So, I'm a bit of a planner (obsessive, some have called it) and within hours of seeing my positive pregnancy test, I began to ask my husband what we were going to do about child care. I knew even before we started trying to conceive that I was going to continue working. If we start with kindergarten, I've been in school for 20 years now, and I've been here because I love what I do. I love my students. I love the research. I love it all.
Initially, I was completely convinced that we needed a nanny. Right before I got pregnant, I signed up for the opportunity to teach three connected courses over an entire school year, and I knew I wasn't going to be able to take much more than 6 weeks maternity leave because I had to be back in the classroom shortly after Christmas break. Thinking of leaving a tiny 6-week old in day care seemed terrifying, and I pictured a Mary Poppins-esque woman floating to my door and allowing me to leave my little one safe and sound in the nursery.
So, I started researching, and I found out that a nanny is expensive. Really expensive. At first, I didn't let this deter me. We could afford the lower end of the nanny spectrum, and I had my mind set on someone taking care of my baby in my home.
But the more I thought about it, the less sense this made. Sure, we could afford the lowest prices for a nanny, but that also means we're affording the cheapest nanny. In this case, that seems to mean someone who is only nannying because she (they're all she's--but I'll keep the feminist commentary for another day) can't find a job in the field she really wants, usually doesn't have much training or experience, and sometimes has some odd hour requirements (because she's a part time student, for example.)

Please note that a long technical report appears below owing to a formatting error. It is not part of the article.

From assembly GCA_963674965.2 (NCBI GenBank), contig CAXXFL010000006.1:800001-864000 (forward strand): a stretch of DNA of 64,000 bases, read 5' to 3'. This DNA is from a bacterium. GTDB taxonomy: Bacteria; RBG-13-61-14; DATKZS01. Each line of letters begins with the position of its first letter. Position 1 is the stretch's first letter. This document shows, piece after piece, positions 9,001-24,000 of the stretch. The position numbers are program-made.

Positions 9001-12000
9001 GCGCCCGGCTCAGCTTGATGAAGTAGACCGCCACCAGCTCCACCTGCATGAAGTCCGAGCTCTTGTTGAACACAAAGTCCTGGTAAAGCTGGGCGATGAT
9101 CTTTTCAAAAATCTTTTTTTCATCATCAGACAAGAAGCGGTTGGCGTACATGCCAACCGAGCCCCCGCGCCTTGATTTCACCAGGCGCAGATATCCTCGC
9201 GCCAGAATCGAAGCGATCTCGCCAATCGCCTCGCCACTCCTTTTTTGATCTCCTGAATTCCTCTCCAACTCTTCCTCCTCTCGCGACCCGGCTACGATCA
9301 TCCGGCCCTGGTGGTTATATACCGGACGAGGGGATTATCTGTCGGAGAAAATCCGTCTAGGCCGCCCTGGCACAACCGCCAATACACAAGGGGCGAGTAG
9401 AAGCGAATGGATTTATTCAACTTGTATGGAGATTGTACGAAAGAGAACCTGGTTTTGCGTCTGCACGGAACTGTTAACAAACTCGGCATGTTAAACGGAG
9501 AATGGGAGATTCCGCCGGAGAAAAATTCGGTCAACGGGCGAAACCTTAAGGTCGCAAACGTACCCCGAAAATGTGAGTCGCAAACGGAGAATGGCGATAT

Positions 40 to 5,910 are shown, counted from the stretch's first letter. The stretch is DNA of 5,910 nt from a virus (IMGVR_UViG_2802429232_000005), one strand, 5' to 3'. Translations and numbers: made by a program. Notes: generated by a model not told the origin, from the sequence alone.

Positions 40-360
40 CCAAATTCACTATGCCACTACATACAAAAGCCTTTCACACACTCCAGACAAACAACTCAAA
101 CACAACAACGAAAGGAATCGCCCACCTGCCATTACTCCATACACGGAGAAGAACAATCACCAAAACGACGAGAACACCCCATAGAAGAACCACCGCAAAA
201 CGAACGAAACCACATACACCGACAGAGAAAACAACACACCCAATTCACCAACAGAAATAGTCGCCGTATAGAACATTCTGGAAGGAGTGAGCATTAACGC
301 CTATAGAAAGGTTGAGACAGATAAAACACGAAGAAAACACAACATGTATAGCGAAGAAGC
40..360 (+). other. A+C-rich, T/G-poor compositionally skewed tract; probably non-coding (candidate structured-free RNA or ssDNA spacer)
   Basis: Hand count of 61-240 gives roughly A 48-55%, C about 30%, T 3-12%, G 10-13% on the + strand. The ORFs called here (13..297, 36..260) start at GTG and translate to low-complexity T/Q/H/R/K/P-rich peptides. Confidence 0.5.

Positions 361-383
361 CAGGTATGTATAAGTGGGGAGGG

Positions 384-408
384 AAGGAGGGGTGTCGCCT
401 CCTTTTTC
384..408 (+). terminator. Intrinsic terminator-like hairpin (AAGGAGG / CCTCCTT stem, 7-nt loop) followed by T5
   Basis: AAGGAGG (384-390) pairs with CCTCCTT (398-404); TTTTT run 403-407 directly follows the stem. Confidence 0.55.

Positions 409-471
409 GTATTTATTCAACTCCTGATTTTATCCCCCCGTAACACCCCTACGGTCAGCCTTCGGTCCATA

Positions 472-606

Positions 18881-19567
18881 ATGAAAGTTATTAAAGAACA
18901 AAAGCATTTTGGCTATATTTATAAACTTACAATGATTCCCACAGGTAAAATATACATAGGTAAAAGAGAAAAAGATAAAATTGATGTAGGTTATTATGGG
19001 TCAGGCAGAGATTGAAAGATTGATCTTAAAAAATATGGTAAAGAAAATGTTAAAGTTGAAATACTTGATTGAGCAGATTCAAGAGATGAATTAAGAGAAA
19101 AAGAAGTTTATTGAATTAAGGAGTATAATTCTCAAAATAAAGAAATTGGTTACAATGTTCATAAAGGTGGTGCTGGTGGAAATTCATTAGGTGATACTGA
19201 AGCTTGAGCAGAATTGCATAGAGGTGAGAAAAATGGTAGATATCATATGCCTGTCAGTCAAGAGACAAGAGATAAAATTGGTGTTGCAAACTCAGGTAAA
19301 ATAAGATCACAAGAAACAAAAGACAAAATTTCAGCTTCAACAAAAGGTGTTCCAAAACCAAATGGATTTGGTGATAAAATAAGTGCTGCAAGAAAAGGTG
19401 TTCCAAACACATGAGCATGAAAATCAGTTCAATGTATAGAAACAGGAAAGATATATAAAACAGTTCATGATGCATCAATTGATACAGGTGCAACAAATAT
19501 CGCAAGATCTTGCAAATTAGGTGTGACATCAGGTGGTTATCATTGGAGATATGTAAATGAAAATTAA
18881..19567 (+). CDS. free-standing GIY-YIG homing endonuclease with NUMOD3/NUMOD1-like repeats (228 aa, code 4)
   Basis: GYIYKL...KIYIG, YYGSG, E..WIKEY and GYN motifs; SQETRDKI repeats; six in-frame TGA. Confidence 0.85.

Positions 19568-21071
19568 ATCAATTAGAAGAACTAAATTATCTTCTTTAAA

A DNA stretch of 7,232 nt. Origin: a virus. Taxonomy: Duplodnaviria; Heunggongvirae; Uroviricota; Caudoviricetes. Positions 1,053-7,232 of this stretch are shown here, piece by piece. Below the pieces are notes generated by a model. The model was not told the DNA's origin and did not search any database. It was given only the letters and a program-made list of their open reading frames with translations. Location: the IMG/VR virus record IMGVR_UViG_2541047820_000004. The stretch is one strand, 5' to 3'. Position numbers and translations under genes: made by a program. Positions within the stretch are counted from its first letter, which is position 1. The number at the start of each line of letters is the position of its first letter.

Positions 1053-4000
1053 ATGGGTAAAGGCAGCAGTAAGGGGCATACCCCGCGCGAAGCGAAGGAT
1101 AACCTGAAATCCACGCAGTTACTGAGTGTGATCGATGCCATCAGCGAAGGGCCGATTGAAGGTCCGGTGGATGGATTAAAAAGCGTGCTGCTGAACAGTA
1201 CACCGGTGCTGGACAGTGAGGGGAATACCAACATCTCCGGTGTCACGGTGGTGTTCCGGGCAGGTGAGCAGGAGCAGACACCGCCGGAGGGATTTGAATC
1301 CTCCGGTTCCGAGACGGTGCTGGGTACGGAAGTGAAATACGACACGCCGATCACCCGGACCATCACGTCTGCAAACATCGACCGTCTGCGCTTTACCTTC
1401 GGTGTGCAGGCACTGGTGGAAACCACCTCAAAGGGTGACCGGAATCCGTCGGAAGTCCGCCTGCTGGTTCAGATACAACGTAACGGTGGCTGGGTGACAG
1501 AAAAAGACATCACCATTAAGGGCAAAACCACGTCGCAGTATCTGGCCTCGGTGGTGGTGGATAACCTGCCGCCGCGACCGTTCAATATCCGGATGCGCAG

On the other hand, I could take the same amount of money and pay for a high-end day care. We're in the process of researching these now (and arduous task that I'm sure I'll rant about later). It appears that our hard-earned money can buy us day care that ensures licensed, trained specialist who want to be working in this field, individualized plans (even for infants!), a guaranteed low worker-child ratio, and some flexibility on hours.
I'm slowly coming around to the idea. I know that it will mean more hassle in the mornings and the potential for more sick days. But I'm trying to make it where this decision doesn't come with more guilt. I recognize, logically, that having someone give individual care and attention to my child in a day care is just as nurturing as having someone do it in my home, but I'm still working on accepting it emotionally.